googleplus-notifications

The Notification system is pretty thorough; it starts with everything turned on to alert you by email. (You can turn this off, mercifully.) In the upper right hand corner of the Google interface is a notifications button that you can open and see who is doing what with your posts, posts you’ve commented on or +1’d, posts or pictures you’ve been tagged in, or when you’ve been added to the circles of other people. The neat thing is that when you click on one of them, it will scroll over to the side and allow you to see it and offer the chance to update it without leaving the screen you are on. That’s a nice touch since you can continue working on whichever part of Google you are on while allowing you to update or add things to ongoing conversations. (In the picture to the right, there is a Share option that produces a pull-down menu that functions exactly like the embedded update form.

googleplus-addingfriends

Adding friends takes the tact of being permissive rather than restrictive. To add someone to one of your circles, you can mouse over them on someone else’s profile. It will create a pop-out menu with their name, their short biography, and the ‘add to circles’ button (the left side of the picture above). When you cursor over ‘add to circles’, it gives you the option of adding them to your circles (the right side of the picture).

You can also find them through the people search at the top of the screen. Once there, there is a small box on the upper right corner of their profile that allows you to add them into your circle as well informs whether they have added you to their circles. This is an important piece of information since it can dictate what they will see on your profile as it relates to your privacy settings.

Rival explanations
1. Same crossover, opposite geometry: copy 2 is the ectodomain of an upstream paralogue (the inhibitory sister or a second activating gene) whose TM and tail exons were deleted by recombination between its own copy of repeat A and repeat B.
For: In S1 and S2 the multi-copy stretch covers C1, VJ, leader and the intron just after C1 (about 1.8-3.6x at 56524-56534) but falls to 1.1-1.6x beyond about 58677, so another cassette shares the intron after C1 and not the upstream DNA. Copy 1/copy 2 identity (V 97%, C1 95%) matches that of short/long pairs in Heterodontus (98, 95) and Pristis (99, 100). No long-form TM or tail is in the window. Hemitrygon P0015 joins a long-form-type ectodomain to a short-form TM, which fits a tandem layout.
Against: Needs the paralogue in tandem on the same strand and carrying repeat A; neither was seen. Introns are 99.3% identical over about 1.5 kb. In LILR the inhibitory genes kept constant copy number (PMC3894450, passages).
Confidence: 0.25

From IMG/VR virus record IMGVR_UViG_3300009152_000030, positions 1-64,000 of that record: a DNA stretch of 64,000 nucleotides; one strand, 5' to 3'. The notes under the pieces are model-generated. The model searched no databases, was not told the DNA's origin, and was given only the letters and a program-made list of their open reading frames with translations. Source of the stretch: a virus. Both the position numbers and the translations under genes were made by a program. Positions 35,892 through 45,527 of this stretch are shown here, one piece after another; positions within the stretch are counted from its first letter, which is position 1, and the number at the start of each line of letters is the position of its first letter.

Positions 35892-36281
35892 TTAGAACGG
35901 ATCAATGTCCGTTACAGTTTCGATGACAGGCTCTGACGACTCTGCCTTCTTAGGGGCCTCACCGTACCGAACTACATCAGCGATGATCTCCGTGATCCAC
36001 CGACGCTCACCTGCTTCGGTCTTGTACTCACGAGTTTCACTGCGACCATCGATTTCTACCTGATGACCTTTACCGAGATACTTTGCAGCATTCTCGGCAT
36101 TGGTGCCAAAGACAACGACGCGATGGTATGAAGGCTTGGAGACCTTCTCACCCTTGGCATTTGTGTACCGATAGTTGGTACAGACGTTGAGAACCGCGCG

googleplus-hangout

One of the best features that I’ve gotten to try is the Hangout option. It’s a video chat room that allows multiple people to join. It features a chat as well as a shared YouTube watching function (not operational last night, but still). The idea that people can watch something together (like a TED talk) and chat and comment on it as part of one interface is an excellent setup. I’ve taken a screenshot of the hangout details so as to give people an idea as to the potential. (Besides, a hangout screenshot without someone else is rather bland. They really stripped down the color scheme.)

googleplus-10peoplehangout

This is what the Hangout looks like at the maximum ten person webcam capacity. True, it was a full on mess in terms of video quality and some echoing problems after the fifth person, but we managed to reach it. However, the purpose of Hangout is that you can start multiple simultaneous webcam sessions with people you know. From the screenshot, there is a main feed with all of the other feeds located below it. When someone talks, it swaps to their feed after a second or two. (With ten people, it swapped a lot. You can stop this by clicking on an individual feed to focus on one person.)